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Let's have two permutations $A$ and $B$ of $n$ numbers. What is the minimal number $m$ of transpositions to transform $A$ to B in the worst case? After analysing some algorithms my guess is that $m \sim n^2$ but I cannot find a formal proof.

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  • $\begingroup$ So you are doing something like sorting and counting minimal swaps possible? And it seems quite $O(n)$ to me if I understood your intentions. $\endgroup$
    – Evil
    Jul 21, 2016 at 18:21
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    $\begingroup$ Hint: how many inversions can a single swap reverse at best? $\endgroup$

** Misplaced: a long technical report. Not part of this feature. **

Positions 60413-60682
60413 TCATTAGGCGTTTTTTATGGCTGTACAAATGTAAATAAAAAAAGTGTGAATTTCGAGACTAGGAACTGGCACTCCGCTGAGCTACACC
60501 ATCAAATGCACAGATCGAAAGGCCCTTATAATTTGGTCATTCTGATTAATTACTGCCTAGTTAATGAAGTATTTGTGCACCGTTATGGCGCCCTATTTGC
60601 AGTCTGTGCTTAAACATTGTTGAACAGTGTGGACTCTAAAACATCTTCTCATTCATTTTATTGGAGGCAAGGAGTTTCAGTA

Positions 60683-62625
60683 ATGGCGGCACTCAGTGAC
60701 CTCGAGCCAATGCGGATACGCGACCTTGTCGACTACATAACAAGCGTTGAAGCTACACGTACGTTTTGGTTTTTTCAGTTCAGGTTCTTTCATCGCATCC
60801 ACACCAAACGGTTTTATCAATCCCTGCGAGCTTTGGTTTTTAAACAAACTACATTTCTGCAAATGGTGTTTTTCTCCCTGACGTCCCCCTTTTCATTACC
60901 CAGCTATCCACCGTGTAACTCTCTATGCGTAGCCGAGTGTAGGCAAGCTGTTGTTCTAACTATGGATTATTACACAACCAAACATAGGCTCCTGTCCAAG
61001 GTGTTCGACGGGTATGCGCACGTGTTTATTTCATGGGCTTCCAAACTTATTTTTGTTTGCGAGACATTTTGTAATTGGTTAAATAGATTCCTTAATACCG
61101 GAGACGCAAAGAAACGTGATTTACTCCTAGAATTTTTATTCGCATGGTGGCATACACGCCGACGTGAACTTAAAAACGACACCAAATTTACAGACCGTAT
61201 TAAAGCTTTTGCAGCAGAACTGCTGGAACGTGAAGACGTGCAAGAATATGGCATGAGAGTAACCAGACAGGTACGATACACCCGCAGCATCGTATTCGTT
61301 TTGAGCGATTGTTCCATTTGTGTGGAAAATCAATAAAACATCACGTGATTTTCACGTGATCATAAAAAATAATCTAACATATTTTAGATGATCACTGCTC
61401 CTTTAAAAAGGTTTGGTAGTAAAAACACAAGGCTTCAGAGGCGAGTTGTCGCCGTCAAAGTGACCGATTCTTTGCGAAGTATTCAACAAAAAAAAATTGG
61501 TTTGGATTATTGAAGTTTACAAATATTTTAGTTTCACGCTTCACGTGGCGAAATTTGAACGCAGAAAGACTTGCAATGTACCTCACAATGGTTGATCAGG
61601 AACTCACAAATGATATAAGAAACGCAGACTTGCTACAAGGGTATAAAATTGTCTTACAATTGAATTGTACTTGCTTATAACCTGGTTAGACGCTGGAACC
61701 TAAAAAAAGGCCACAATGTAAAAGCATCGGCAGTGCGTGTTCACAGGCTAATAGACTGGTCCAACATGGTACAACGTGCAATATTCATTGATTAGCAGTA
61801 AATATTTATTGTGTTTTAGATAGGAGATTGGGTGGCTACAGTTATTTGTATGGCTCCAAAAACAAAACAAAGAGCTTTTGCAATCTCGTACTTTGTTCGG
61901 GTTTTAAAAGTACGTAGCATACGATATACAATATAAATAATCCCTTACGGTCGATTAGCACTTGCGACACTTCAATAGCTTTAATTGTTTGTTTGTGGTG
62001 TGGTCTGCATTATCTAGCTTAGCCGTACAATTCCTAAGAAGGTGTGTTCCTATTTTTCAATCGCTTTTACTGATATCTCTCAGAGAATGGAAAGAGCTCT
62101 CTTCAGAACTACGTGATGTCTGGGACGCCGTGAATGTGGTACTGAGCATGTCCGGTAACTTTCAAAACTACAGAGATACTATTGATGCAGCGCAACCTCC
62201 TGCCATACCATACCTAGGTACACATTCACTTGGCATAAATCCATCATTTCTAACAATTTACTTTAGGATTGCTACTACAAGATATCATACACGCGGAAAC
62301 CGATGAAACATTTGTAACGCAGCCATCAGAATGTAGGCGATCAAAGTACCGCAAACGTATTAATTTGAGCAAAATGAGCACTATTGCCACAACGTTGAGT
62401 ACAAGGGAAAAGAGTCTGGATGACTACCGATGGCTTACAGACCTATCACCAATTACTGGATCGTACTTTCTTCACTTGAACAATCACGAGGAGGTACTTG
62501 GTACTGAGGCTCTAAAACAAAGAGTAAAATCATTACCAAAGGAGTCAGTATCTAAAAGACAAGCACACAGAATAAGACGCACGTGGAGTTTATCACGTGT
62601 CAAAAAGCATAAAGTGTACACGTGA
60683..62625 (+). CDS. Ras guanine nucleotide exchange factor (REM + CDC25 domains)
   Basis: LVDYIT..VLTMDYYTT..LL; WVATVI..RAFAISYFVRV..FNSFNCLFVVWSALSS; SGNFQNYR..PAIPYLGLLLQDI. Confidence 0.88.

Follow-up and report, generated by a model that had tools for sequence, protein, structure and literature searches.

– Raphael
    Jul 21, 2016 at 21:39
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    $\begingroup$ Welcome to Computer Science! The title you have chosen is not well suited to representing your question. Please take some time to improve it; we have collected some advice here. Thank you! $\endgroup$
    – Raphael
    Jul 21, 2016 at 21:39
  • $\begingroup$ Single swap allows only one reversion. BTW I haven't found how to edit titles. $\endgroup$ Jul 23, 2016 at 7:05

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If your transpositions form a permutation $\pi$ then (using the appropriate convention for multiplication) $A\pi = B$ and so $\pi = A^{-1} B$. This shows that we can assume without loss of generality that $A$ is the identity, and the question now becomes: how many transpositions do we need to multiply in the worst case to get any particular permutation? This might be a question you already know how to answer.

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